The chosen technique to achieve this is by processing the withdrawal during block inclusion. This occurs during a period when both the beacon and the execution chain’s states are updated. By doing this, we can simultaneously reduce the balance of the validator on the beacon chain state and increase the balance on the specified address in the execution chain state.

Validators become eligible for withdrawals by updating their 0x00 prefixed withdrawal_credentials to a 0x01 prefix ending with the chosen execution address through the new submitPoolBLSToExecutionChange Beacon API⁴ endpoint. To use this endpoint, you must first generate a request message using the validator's withdrawal BLS keys with the staking-deposit-cli³. The generated request contains information and a signature necessary to update the withdrawal_credentials field. Note that this field can only be updated once!

There is a two-step waiting process for withdrawals: first, the validator waits for its withdrawal_credentials to be updated, then the validator waits for the partial or full withdrawal to be included in a block. Partial withdrawals are earnings over 32 ETH that are automatically withdrawn on validators with updated withdrawal_credentials included in the block. On the other hand, full withdrawals require an additional step of exiting your validator, either voluntarily or through other circumstances like being slashed, and adds an additional step for the waiting process. Full withdrawals will release the entire validator’s balance into the execution address.

To summarize, the withdrawal of validators with 0x01 prefixed withdrawal_credentials in block processing will bridge back the validator ETH balances from the beacon chain to the execution chain. The interesting aspect is this bridging event is not an Ethereum transaction but a new gasless state change that mints the bridged balance directly into the Ethereum address. This also means if you direct the withdrawal to a smart contract address, you won’t be able to trigger any smart contract code and will only be able to withdraw from your balance. This avoids the complexity of running smart contract code during withdrawals, which could lead to failure in the worst case.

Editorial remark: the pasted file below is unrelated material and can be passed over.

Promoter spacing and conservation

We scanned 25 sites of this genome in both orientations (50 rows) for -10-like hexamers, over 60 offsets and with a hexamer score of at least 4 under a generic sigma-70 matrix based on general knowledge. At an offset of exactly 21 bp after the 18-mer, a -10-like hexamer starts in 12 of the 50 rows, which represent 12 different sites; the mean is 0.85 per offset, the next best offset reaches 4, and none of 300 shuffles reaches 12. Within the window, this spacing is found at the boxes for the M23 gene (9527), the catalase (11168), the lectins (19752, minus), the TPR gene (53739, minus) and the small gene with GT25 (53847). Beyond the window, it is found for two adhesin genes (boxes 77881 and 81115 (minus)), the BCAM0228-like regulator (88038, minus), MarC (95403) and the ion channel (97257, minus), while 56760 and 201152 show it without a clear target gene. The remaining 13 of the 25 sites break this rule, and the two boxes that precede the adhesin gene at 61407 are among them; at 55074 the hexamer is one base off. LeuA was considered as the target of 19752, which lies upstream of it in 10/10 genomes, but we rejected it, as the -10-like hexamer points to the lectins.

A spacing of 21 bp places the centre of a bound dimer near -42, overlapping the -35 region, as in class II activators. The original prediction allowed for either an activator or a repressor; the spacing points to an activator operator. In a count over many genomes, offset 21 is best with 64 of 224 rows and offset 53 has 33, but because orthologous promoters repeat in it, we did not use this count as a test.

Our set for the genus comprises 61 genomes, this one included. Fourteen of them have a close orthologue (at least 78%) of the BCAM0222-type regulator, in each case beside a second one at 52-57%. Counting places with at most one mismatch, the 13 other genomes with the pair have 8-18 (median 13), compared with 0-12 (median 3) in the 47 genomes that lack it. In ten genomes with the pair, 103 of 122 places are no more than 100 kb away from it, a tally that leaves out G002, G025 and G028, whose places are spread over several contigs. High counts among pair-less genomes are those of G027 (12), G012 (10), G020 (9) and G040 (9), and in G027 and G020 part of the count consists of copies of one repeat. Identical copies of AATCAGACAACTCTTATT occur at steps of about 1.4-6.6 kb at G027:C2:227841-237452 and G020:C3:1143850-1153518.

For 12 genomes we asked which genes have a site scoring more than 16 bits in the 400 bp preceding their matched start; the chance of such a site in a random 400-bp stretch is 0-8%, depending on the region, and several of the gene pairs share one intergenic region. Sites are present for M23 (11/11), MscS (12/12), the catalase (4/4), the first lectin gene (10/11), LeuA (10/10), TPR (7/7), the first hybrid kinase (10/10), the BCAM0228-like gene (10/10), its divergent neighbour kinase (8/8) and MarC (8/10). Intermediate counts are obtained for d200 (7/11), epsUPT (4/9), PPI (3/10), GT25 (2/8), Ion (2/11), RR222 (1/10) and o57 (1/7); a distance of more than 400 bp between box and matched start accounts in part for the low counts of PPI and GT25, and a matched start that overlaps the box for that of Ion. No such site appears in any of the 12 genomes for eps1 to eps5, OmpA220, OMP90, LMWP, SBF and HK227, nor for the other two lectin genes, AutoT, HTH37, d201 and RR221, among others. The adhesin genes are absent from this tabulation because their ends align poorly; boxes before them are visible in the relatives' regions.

Withdrawing funds using this method is more simple and more reliable, but it slightly complicates the accounting of the Ethereum Blockchain’s total ETH supply. During the withdrawal process, the ETH bridged from the beacon chain to the execution chain is all new, but the original ETH in the deposit contract remains locked. After this feature is released, it may appear that the ETH supply has significantly increased, but in reality, values may be double-counted because the locked ETH in the deposit contract is not burned when new ETH is minted for withdrawals.

Our team at Offchain Labs is ecstatic to have completed the validator lifecycle with this upgrade and finally release each staker’s earnings. For those interested in withdrawals, please refer to the Ethereum withdrawal FAQs or the Capella/Shanghai upgrade specifications. Prysm users can also consult our detailed guide for withdrawals when the feature becomes available after the upgrade.



Offchain Labs
Offchain Labs